Posts Tagged: iap2

The Four Rules of Media and Layers

These four rules help government agencies plan for social campaigns, because they force us to answer key questions about our audience, our message, the tools at our disposal, and the resources available to us–the four constant variables in every activity that includes a social layer. The Goal of a more Participatory Government I’ve been thinkingRead… Read more »

Public Participation: Four Common Misconceptions

This is an abbreviated version of an article on the Intellitics blog. Read the full post here: Public Participation: Four Common Misconceptions Based on my observations listening to the discussions around Open Government, the following four aspects of the term public participation tend to get easily and commonly confused: 1) Public participation applies strictly toRead… Read more »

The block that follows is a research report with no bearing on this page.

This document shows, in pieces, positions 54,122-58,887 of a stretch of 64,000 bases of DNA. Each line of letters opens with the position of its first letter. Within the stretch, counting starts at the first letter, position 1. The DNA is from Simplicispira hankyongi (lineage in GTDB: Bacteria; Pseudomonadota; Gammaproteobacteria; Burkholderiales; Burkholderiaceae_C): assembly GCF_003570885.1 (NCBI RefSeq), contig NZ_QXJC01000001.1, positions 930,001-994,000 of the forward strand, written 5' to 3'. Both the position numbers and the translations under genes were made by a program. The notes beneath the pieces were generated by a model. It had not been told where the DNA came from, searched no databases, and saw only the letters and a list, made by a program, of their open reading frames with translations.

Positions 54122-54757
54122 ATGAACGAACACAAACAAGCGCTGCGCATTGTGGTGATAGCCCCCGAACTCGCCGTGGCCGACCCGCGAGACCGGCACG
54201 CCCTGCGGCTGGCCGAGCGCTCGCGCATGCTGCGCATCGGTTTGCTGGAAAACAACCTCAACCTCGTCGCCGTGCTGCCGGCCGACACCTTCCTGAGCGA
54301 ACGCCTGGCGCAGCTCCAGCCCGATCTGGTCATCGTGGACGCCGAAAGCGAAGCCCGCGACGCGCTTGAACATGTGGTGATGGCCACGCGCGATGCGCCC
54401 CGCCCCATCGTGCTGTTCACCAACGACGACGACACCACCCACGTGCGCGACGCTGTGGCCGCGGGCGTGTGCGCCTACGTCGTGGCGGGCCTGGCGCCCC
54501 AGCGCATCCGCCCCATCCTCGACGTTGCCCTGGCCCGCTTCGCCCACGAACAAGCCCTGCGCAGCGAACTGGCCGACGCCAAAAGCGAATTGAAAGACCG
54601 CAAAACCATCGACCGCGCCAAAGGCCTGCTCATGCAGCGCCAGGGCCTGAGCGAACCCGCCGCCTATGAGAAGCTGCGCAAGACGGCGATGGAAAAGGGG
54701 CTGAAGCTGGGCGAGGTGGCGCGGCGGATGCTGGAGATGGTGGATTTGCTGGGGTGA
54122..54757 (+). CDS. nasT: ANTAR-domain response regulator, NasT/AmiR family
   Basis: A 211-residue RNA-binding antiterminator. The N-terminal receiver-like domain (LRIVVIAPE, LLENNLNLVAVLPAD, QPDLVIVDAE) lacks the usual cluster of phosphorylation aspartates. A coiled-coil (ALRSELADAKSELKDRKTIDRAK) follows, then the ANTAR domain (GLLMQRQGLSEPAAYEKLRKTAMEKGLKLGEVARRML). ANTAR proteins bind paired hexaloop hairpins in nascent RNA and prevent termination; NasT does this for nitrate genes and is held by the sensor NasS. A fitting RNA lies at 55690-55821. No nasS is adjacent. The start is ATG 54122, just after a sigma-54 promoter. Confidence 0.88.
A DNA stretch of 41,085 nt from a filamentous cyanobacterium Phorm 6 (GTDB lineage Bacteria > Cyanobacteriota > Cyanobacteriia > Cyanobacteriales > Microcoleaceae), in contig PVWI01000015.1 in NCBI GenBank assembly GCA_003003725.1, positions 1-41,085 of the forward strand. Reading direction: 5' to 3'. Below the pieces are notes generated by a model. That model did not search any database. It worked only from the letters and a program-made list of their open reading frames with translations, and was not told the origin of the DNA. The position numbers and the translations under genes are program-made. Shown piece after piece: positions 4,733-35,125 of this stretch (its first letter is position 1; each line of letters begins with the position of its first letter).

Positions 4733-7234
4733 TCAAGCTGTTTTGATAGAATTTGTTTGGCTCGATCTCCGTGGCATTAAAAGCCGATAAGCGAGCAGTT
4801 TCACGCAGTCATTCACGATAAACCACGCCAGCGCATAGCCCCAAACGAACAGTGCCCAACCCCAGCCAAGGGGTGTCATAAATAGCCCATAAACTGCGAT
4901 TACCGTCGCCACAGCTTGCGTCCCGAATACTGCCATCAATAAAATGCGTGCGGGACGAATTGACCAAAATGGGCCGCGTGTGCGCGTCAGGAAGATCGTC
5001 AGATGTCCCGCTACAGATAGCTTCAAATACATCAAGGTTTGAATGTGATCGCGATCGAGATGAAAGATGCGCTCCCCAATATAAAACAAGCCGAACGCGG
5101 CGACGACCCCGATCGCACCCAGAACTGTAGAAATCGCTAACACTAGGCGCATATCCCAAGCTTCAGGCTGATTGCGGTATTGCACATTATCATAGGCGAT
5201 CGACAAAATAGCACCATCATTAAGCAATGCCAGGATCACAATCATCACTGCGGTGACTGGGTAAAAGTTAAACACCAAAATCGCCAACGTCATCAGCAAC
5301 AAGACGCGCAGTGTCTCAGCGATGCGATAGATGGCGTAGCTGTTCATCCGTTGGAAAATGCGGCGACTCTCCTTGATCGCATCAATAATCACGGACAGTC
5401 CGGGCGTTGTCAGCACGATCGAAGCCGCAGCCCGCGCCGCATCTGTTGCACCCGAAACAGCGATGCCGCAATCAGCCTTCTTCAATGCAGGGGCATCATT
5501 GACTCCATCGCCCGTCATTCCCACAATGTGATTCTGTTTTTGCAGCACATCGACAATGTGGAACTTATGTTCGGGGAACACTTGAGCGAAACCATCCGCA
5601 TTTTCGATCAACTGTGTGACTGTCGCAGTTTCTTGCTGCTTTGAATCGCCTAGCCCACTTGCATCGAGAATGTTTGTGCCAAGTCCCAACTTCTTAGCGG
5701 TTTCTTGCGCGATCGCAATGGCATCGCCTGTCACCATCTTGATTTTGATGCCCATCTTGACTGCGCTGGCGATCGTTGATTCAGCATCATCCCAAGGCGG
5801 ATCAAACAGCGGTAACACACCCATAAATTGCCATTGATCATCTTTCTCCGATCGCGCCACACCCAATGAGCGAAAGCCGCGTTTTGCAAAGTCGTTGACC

The Ethics of Public Participation

This post was originally published on the Intellitics blog on Thursday, August 5, 2010: The Ethics of Public Participation. Subscribe to our blog via RSS or follow us on Twitter. It seems the topic of ethics and integrity in public participation is coming up more often these days (see my comments here, here). Just forRead… Read more »

International Association for Public Participation: Core Values Awards 2010 Now Open

Are you getting enough recognition for the work you do to engage citizens? Do you think you have the most innovative project or your organisation or agency is the world’s best in conducting public participation? If so, how about entering the International Association for Public Participation (IAP2) 2010 Core Values Awards. You could be standingRead… Read more »

Crowdsourcing and Public Participation: mapping out the relationship between the two concepts

There has been plenty of talk recently about the prospects of using crowdsourcing as a means to create better policy and to engage citizens in the policy making process. I’ve noticed that a lot of proponents of this approach seem to be unaware of the particular challenges that public participation initiatives by their very natureRead… Read more »